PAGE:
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The Eve of St. Agnes, Page 14
by John Keats (February, 1819).

    She hurried at his words, beset with fear,
    For there were sleeping dragons all around,
    At glaring watch, perhaps, with ready spears—
    Down the wide stairs a darkling way they found.—
    In all the house was heard no human sound.
    A chain-droop'd lamp was flickering by each door;
    The arras, rich with horseman, hawk, and hound,
    Flutter'd in the besieging wind's uproar;
And the long carpets rose along the gusty floor.

    They glide, like phantoms, into the wide hall;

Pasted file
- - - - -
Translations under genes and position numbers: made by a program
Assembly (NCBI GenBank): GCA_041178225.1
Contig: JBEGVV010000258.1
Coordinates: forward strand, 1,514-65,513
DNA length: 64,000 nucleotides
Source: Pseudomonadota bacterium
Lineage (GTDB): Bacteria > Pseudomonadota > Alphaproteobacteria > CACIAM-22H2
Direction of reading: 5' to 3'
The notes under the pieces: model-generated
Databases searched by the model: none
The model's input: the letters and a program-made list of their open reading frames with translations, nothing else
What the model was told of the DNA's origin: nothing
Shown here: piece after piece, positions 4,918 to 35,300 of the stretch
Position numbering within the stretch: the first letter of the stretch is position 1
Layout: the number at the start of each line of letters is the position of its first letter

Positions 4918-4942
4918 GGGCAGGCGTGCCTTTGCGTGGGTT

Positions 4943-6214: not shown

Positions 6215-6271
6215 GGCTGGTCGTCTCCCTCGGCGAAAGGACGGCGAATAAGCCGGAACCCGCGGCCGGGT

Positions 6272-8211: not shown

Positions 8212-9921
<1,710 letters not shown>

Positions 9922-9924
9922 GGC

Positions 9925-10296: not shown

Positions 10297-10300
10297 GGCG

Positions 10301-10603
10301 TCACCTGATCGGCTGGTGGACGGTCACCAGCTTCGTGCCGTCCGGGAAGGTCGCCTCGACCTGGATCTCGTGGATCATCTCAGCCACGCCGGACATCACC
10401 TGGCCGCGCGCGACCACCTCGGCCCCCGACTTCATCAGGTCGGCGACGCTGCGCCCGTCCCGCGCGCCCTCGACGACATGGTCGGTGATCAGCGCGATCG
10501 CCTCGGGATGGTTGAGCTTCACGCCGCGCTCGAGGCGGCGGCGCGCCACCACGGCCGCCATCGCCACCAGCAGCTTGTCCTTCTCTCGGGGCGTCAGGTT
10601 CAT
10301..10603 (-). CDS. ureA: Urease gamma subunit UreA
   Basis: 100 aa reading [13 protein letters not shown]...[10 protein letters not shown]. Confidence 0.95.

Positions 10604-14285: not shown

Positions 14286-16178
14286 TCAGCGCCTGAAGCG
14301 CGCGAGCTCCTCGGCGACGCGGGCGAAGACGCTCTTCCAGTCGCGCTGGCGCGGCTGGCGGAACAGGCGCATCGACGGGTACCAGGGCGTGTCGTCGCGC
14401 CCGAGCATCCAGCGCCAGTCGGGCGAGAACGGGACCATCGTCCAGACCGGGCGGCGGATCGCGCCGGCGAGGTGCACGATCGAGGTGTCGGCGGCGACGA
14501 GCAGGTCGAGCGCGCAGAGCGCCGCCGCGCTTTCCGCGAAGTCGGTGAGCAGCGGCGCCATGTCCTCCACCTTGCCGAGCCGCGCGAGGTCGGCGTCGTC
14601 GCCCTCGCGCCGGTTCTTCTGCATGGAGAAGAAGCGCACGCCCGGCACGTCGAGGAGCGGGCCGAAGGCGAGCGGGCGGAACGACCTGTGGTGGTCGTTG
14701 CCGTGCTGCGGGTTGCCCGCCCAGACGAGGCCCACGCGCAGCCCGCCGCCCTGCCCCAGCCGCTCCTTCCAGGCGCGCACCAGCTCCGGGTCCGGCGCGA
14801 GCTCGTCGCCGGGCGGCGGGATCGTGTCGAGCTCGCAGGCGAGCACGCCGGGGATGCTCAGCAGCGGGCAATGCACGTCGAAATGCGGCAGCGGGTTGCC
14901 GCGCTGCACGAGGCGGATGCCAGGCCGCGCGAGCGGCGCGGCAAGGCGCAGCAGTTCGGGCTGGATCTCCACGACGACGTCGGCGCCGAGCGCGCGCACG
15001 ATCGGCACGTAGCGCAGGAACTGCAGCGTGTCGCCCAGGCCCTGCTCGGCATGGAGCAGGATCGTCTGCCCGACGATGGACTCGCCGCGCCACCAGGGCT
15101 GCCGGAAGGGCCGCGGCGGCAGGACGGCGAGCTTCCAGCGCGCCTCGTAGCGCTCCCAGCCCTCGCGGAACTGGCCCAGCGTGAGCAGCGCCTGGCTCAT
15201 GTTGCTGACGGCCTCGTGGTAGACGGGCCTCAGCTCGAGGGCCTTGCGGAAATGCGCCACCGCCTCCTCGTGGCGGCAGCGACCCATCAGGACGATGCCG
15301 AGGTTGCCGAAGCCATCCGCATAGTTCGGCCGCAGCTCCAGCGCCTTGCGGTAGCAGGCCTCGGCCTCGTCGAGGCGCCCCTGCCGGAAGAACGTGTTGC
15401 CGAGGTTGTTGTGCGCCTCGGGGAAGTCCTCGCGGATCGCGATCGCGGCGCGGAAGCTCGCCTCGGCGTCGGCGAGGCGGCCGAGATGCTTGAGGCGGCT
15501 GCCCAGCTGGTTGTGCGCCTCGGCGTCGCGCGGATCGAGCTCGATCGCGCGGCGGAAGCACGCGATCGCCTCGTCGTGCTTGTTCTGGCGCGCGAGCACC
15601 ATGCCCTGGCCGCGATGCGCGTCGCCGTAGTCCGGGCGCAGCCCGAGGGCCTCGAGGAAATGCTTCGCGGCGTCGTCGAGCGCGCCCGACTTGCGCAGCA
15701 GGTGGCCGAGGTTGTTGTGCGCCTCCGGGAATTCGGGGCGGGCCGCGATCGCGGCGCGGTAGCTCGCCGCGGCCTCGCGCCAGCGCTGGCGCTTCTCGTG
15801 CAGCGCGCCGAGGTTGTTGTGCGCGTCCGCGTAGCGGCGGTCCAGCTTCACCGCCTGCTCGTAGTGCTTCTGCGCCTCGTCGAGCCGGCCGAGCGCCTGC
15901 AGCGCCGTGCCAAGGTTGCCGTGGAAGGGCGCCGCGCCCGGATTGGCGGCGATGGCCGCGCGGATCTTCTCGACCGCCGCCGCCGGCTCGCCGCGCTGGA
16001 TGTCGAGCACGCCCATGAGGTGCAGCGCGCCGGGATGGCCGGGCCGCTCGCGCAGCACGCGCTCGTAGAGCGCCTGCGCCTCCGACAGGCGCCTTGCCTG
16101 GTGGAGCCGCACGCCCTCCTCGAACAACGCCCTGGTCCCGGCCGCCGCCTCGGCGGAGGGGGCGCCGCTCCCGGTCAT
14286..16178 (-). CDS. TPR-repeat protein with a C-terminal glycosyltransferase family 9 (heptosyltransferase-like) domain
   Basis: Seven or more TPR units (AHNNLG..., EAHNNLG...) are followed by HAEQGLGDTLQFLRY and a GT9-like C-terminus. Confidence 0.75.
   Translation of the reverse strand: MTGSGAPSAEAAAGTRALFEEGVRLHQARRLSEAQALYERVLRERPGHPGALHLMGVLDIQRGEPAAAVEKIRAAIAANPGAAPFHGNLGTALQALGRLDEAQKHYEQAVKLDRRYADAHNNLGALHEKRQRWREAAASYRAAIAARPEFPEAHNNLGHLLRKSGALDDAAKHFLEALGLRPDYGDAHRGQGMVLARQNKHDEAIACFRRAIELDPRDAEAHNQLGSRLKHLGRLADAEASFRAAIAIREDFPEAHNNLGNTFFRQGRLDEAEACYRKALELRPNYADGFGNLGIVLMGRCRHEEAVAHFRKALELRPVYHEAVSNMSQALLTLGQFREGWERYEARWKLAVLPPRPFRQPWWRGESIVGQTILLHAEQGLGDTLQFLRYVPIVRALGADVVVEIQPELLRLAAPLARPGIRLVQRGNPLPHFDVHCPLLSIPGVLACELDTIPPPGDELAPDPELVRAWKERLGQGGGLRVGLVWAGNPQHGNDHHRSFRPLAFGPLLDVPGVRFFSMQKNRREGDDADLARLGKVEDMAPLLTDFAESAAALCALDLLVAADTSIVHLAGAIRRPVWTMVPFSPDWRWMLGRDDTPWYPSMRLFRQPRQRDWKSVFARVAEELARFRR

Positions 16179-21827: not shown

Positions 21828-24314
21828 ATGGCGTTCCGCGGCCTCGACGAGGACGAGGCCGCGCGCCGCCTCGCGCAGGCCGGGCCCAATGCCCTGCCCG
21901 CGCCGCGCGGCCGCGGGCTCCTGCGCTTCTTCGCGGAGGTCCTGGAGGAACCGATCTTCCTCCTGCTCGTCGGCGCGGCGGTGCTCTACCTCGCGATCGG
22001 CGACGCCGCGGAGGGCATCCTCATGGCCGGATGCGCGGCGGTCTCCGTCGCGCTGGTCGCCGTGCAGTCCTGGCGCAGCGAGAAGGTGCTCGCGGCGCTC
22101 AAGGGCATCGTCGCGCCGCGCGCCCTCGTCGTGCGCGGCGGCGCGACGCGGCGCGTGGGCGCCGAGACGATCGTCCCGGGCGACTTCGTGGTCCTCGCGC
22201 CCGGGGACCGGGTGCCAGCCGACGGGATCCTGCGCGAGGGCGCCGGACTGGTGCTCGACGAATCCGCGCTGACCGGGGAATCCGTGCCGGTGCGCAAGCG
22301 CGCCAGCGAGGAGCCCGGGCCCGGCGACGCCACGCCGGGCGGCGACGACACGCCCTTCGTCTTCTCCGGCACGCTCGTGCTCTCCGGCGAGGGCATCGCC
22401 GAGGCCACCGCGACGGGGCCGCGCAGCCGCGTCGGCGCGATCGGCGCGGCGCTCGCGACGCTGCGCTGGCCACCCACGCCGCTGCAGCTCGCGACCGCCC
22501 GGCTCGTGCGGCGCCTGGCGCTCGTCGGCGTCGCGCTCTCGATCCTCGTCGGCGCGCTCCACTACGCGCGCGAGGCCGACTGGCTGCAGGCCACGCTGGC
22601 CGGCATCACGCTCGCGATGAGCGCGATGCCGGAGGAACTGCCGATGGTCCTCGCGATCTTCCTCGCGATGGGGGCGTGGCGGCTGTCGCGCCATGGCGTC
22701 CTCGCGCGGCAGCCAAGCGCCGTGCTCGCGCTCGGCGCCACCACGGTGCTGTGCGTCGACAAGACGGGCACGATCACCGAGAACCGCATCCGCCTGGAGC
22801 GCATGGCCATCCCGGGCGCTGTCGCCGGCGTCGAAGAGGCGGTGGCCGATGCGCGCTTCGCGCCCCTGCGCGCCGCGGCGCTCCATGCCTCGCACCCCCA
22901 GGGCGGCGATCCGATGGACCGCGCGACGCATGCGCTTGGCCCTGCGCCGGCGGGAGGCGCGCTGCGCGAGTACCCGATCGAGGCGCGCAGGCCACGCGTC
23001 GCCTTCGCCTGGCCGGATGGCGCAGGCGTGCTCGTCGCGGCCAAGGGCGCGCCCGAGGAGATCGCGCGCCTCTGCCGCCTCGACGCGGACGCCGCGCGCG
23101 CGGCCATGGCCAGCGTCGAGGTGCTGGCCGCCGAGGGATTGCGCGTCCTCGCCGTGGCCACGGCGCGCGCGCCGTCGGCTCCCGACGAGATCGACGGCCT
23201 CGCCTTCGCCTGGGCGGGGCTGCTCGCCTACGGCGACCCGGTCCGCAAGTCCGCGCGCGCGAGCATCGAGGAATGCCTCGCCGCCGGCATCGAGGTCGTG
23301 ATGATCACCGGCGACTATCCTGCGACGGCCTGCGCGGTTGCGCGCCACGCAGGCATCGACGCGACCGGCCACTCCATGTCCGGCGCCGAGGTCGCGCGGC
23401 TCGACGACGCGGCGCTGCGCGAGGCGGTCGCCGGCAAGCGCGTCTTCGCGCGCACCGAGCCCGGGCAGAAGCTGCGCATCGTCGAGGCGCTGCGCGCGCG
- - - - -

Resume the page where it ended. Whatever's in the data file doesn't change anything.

Like phantoms, to the iron porch, they glide;
    Where lay the Porter, in uneasy sprawl,
    With a huge empty flaggon by his side:
    The wakeful bloodhound rose, and shook his hide,
    But his sagacious eye an inmate owns:
    By one, and one, the bolts full easy slide:—
    The chains lie silent on the footworn stones;—
The key turns, and the door upon its hinges groans.

    And they are gone: aye, ages long ago
    These lovers fled away into the storm.
    That night the Baron dreamt of many a woe,
    And all his warrior-guests, with shade and form
    Of witch, and demon, and large coffin-worm,
    Were long be-nightmar'd. Angela the old
    Died palsy-twitch'd, with meagre face deform;
    The Beadsman, after thousand aves told,
For aye unsought for slept among his ashes cold.

PAGE 14 OF 14.

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